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30,000 Volunteers Needed to Classify 1 Million Galaxies
Scientists call on public to help in cosmic project
Alex Argote (alexphil)     Print Article 
Published 2007-07-22 17:33 (KST)   
The human brain is still the best computer in the planet and when the universe needs help in sorting and classifying millions of distant galaxies out there, tens of thousands of people will needed to take care of the cosmic mess.

Every day a robotic telescope zooms in on the deepest reaches of space that can be viewed by the latest optical observation instrument and generates thousands upon thousands of yet unnamed galaxies. The celestial harvest is now so great and enormous that scientists want to enlist the public in scrutinizing the numerous images being automatically processed by the robotic telescope.

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Although scientists have written computer programs designed to classify galaxies as either elliptical, spiral, or merger, still they decided that the unduplicated human brain is the best logical computing unit to employ to help determine the present models of the universe.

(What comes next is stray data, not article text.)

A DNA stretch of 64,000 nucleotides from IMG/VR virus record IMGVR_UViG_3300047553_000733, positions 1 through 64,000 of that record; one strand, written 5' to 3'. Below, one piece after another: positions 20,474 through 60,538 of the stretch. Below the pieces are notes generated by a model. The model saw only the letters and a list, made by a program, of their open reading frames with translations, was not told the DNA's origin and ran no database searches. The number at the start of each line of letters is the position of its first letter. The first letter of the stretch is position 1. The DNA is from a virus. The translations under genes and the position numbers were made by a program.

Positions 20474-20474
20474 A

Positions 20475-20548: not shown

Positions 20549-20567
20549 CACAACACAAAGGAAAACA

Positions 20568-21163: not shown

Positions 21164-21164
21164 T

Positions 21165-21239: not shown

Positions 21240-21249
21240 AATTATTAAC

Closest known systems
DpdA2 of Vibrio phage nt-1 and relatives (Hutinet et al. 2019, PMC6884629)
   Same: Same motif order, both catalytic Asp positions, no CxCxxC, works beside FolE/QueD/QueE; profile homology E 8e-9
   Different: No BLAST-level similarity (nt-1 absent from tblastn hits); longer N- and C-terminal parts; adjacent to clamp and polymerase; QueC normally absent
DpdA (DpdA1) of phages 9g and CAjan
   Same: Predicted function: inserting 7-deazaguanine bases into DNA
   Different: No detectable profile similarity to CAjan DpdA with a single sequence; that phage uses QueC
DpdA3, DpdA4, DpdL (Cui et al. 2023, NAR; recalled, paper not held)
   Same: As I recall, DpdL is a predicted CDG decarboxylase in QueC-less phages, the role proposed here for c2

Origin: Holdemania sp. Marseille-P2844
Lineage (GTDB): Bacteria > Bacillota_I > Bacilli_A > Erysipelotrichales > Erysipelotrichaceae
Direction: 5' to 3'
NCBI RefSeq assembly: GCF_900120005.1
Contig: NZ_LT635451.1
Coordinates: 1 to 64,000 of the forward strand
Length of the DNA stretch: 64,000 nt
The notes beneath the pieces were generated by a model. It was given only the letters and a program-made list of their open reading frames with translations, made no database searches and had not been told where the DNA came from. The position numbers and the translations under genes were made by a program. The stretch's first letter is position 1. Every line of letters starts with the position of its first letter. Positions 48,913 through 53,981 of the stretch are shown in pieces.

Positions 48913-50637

Initially, scientists want to tap the potential of about 30,000 human-operated computers that are hooked to the worldwide internet in downloading and inspecting the images that come from the Sloan Digital Sky Survey telescope in New Mexico.

According to Kevin Schawinski, an astrophysicist at Oxford University who is a member of the team that started the project, the human brain is many times better than even the most powerful electronic computer especially in tricky pattern recognition tasks like galaxy type identification.

Since many celestial objects tend to come at various shapes, colors, and positions relative to an Earth observer, it is important to use logical but flexible observing units in collating the wealth of data that come from thousands of light years away.

Another member of the team, Dr. Chris Lintott, said, "Volunteers get to see parts of space that have never been seen by anyone else. The pictures were taken by a robotic telescope and automatically uploaded to a central server. If one logs in, he or she might be the first to view a galaxy that pops up on the screen."

Those aspiring astronomers who at least want to help in managing the universe can visit www.galaxyzoo.org where everyone will be invited to register to the site. But before anyone can sort out a cosmic object, the aspiring galactic manager must first pass a pattern recognition trial after going through a comprehensive tutorial in the various kinds of galaxies and images of stars.

Successful registrants are then fed image after colorful image of different of galaxies of varying sizes and coming from mind-blowing distances.

It's an enjoyable experience to get to know many types of galaxies out there. Those massive celestial groups can be classified as clockwise spiral, anti-clockwise spiral, elleptical or even some occasional mergers.

Log on now, help change the universe and be part of history.
©2007 OhmyNews
Other articles by reporter Alex Argote

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